"I believe North Korea-US relations will improve as now is the time for all countries to reconcile," Kim told reporters as he arrived in New York Tuesday, the South Korean news agency said.
|South Korean soldier remove a barricade for trucks carrying 300 tons of flour before crossing the inter-Korean border at a military checkpoint in Paju, north of Seoul, on July 26, 2011|
He added that he was "optimistic of the prospects for the six-way talks and the North-US relationship."
Kim said he planned to meet with Stephen Bosworth, the top US envoy on North Korea, on Thursday, but did not give other details of his trip.
The veteran former nuclear negotiator is on his first visit to the United States since March 2007.
US Secretary of State Hillary Clinton announced the visit Sunday, two days after the nuclear envoys of South and North Korea held a surprise meeting on the sidelines of an Asian security conference in Bali.
South Korea's Wi Sung-Lac and Ri Yong-Ho agreed to make joint efforts to swiftly resume the six-party denuclearisation talks which were last held in December 2008.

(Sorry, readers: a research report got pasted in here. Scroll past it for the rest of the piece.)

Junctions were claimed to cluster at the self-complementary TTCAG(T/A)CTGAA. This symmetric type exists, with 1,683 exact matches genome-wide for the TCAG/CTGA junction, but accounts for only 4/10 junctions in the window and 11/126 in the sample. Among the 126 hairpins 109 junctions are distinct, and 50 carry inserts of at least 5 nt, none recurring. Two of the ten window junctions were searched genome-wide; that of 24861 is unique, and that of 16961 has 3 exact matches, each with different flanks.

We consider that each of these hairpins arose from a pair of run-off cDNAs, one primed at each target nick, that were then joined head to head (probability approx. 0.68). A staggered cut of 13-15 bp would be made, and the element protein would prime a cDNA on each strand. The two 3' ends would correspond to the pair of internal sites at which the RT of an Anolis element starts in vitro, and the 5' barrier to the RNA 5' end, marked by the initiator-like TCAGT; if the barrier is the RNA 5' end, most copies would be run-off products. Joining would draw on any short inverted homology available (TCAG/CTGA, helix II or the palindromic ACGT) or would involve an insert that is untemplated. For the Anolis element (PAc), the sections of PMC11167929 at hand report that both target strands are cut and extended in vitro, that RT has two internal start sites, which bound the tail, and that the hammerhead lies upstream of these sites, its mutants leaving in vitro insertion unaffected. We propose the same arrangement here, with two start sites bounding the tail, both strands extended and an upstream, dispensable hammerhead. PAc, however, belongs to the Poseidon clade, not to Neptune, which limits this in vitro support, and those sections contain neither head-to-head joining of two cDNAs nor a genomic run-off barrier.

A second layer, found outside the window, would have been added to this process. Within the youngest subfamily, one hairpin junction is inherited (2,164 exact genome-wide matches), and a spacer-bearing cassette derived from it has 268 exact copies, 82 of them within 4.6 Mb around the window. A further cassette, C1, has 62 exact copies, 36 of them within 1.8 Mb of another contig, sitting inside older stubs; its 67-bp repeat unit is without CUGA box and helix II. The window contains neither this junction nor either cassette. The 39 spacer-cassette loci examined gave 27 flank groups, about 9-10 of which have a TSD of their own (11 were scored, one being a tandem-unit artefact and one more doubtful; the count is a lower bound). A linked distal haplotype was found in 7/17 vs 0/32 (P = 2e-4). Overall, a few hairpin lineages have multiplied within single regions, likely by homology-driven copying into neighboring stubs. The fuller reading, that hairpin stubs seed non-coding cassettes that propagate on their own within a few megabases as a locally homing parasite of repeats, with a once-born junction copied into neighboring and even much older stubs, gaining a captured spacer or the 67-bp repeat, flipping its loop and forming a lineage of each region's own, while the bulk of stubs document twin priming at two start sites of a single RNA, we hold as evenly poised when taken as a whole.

North Korea in April 2009 announced it was quitting the forum in anger at UN condemnation of its long-range missile launch that month. It staged a second nuclear test in May 2009.
Efforts to restart the talks, which also include China, the United States, Japan and Russia, have been hindered by two deadly border incidents last year which Seoul blames on its neighbour.
The North's disclosure last November of a uranium enrichment plant, which could give it a second way to make atomic weapons, are another complicating factor.
Clinton said Sunday the two sides would have an "exploratory meeting to determine if North Korea is prepared to affirm its obligations under international and six-party talk commitments, as well as take concrete and irreversible steps toward denuclearisation".
She said the United States was not prepared to offer any new concessions just to restart the negotiations, which began in 2003.